Maybe it is the fact that it has felt like a long winter, more so emotionally than anything, but it has been so difficult to find the motivation to go out and take pictures. I keep looking at my camera sitting in the corner and I swear I can see it collecting dust. There is no doubt that photography is my saving grace when depression is creeping at my door. Unfortunately though, they have yet to invent a camera that also pulls you away from your comfy couch and warm blanket.
This last weekend, I finally found a friend nearby that motivated me to go on an adventure in neighboring Wisconsin. Initially it seemed like a wonderful idea, especially considering the lack of snow and fairly reasonable winter temperatures. What we didn’t know is that we would be wading through knee deep snow for the entire day! I guess it wouldn’t be a true adventure without a few things failing to go according to plan right?
Our first find of the day turned out to be a gorgeous shell of a house. Nestled on the intersection of a fairly rural road, it was buried in a mess of trees and what I am certain is a lot of incredibly tall, tick infested grass.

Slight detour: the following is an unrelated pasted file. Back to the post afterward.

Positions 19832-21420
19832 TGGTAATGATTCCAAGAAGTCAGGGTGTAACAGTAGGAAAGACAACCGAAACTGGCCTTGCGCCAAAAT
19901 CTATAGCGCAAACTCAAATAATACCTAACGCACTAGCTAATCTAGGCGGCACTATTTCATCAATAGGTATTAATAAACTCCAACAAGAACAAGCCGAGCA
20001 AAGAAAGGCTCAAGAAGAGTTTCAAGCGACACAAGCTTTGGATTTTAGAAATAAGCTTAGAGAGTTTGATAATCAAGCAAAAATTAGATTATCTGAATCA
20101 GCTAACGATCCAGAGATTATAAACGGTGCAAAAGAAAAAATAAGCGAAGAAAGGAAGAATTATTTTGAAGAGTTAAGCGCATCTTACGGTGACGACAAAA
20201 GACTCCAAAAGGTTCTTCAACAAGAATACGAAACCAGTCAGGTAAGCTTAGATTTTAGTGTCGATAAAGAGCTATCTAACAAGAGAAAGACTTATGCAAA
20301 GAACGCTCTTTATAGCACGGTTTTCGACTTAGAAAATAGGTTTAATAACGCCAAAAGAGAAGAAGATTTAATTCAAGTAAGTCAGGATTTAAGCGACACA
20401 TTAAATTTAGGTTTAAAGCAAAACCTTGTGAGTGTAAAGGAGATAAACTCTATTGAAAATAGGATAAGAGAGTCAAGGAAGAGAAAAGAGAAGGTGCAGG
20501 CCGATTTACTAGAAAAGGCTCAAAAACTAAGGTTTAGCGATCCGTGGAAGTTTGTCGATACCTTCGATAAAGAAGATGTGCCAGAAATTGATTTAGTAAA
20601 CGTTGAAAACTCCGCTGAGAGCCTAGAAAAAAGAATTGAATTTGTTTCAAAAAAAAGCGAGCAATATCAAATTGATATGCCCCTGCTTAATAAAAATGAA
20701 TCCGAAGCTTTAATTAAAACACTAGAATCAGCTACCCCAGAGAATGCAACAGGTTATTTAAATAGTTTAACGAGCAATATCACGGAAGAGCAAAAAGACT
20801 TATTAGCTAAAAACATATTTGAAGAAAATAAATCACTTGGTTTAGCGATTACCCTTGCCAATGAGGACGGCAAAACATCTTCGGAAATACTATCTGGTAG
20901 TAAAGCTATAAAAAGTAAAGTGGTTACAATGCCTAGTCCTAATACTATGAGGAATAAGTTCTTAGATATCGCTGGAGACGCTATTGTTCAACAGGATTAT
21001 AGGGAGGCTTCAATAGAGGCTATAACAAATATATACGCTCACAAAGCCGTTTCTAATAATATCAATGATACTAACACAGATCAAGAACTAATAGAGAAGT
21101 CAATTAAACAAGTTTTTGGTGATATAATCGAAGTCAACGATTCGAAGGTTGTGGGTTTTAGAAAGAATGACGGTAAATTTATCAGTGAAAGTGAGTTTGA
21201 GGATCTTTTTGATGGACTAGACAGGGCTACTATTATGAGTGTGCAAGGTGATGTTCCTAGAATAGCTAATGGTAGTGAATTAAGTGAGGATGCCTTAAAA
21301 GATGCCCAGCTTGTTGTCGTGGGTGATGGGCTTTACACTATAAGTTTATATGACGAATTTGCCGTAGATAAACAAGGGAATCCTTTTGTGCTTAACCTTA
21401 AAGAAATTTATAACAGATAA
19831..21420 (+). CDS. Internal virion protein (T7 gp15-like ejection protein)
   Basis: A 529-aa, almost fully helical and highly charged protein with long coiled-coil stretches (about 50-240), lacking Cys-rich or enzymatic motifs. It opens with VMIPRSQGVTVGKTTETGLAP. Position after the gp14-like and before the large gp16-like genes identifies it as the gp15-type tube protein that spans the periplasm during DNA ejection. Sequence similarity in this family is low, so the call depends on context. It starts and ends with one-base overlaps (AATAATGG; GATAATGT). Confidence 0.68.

One of the more interesting aspects of this house is the complete removal of all the original woodwork. Is it possible that someone cared enough to preserve each piece of trim and flooring, or was it left to rot and eventually stolen after years of decay? Certainly only one of dozens of mysteries lying within this charming farmhouses past.
It is also hard to deny the beauty in peeling wallpaper. I have yet to come across a room like this without it stopping me in my tracks. Something about it is so devastating, yet it almost provides a special glimpse into the secrets of a house. Like peeling back the layers of the houses life, you are slowly being allowed to see into the depth of its soul.
Maybe this is what makes these houses so beautiful to only certain people. Maybe you have to be damaged in some way to see the beauty behind something so decayed and to some, useless.